On Friday at a meeting in Brussels the remaining 27 European Union members were told to expect notification as early as tomorrow that UK Prime Minister Theresa May will trigger Article 50: the starting gun to begin the divorce proceedings for the UK to leave the EU. Donald Tusk, the EU Council president said the EU was already well prepared for all the procedures necessary and could in fact issue draft guidelines to negotiations within 48 hours of any announcement. He went on to tell the remaining members that they will reconvene in the first week of April to respond to the trigger.
However, before Theresa May’s government can trigger Article 50 she must finish passing legislation in parliament that gives her the right to do so. Although the government was given a relatively easy ride by parliament initially, with regards to triggering the process, it has since suffered 2 defeats in the House of Lords. The amendments, on whether parliament should have a vote on the final Brexit deal and a guaranteeing of the rights of EU nationals in the UK, will be debated today and sent back to the House of Lords, where it is thought they will accept the supremacy of the Commons.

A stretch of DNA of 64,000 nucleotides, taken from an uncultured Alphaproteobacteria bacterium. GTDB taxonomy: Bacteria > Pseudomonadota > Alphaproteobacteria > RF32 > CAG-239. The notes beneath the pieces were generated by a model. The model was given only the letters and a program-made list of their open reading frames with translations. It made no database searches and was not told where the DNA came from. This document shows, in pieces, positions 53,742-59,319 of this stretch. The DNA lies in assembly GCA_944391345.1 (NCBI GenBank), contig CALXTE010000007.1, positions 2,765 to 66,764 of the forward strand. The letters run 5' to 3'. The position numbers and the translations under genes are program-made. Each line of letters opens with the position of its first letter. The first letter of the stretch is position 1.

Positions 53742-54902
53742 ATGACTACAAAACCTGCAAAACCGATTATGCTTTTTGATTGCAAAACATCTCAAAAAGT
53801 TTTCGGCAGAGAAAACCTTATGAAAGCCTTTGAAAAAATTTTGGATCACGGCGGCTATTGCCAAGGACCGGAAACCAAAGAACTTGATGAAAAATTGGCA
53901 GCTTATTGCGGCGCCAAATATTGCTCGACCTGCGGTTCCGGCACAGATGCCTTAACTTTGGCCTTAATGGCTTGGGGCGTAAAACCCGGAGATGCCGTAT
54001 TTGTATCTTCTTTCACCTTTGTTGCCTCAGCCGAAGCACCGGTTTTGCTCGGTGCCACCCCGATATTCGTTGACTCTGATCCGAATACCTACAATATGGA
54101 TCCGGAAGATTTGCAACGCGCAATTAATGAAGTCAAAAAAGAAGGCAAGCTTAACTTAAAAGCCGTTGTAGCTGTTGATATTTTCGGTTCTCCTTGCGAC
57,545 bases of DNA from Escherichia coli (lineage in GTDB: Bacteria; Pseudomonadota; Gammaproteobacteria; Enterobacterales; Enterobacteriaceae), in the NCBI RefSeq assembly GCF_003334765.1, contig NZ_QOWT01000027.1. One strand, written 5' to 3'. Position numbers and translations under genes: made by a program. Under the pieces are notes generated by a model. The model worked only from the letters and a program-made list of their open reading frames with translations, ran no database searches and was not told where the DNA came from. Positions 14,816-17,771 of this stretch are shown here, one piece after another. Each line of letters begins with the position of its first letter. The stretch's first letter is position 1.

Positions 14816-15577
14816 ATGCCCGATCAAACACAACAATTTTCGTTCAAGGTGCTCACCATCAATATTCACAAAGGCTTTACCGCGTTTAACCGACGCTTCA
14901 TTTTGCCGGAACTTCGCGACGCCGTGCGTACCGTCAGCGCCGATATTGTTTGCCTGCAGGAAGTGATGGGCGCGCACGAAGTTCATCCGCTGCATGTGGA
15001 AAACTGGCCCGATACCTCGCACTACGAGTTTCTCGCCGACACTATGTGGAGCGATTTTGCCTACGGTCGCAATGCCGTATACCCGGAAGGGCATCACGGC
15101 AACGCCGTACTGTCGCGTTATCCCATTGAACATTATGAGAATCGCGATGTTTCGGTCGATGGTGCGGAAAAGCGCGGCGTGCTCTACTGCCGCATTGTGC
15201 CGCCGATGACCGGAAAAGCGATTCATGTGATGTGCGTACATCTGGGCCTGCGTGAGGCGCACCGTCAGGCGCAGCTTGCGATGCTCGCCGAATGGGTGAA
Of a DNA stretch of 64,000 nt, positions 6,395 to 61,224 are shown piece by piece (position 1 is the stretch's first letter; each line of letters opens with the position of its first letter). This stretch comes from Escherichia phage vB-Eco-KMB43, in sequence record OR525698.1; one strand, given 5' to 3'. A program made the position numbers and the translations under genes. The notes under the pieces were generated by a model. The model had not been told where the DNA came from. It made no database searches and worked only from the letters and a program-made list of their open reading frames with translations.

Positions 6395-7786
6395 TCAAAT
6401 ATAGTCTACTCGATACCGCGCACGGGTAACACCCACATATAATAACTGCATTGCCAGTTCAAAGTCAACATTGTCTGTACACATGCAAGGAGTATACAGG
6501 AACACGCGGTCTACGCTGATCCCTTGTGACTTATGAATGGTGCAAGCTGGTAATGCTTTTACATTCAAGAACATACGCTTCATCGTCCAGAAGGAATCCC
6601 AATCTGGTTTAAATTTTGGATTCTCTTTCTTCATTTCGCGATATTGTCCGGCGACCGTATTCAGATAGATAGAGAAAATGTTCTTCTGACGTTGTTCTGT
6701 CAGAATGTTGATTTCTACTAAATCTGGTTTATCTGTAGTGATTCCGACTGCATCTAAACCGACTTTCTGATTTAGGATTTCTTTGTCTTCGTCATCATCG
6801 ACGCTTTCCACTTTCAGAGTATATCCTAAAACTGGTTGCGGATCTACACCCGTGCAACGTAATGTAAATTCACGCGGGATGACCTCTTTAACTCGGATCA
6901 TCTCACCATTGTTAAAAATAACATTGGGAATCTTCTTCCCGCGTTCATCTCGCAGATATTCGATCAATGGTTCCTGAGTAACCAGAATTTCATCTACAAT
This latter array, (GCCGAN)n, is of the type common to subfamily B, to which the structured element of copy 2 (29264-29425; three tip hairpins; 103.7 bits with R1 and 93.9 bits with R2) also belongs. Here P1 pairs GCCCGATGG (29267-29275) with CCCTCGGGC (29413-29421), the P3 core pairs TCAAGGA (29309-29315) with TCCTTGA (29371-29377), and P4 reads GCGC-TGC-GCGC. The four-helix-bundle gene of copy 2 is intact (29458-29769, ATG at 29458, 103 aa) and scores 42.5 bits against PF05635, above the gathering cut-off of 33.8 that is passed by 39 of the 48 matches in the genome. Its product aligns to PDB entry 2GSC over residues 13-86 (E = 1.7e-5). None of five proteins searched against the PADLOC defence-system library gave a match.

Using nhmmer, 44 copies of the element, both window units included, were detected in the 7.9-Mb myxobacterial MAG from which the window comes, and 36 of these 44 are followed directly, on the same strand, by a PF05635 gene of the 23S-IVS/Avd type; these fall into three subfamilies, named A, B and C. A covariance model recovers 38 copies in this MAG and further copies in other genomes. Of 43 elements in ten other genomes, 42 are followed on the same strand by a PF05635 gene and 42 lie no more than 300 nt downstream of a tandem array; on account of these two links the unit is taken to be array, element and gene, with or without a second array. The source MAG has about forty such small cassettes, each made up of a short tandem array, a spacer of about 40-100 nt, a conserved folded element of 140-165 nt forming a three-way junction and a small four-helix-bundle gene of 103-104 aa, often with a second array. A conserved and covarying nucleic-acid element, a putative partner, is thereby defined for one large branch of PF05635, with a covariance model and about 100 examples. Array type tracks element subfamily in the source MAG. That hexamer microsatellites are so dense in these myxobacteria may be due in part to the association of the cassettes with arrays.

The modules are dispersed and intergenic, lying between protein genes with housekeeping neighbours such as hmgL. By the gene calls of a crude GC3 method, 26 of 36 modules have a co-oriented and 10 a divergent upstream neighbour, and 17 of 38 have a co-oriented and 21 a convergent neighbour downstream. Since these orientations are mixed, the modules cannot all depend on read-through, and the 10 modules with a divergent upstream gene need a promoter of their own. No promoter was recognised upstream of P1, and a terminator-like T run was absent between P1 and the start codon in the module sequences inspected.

Also in the headlines is the escalating diplomatic spat between Turkey and the Netherlands over 2 Turkish ministers being stopped from attending a campaign rally in Rotterdam. They intended to attend the rally to drum up support for the yes vote in the Turkish referendum due to be held on 16th April on plans to grant extended powers to President Recep Tayyip Erdogan. The idea was for the ministers to rally support for the vote in several Europeans cities that have a large Turkish contingent. In a statement the Dutch government said it had withdrawn permission for the visit due to risks to public order and security saying that the Turkish government ‘does not want to respect the rules in this matter’ The Turkish President Recep Tayyip Erdogan was quick to react to the decision, calling the Dutch ‘Nazi remnants’ and ‘fascists’ when the plane the ministers were flying on was refused permission to land. Obviously still irked by the incident over the weekend at a rally in Istanbul, Erdogan said the Dutch ‘do not know politics or international diplomacy’ adding ‘ You can stop our foreign minister's plane all you want, let's see how your planes will come to Turkey from now on’.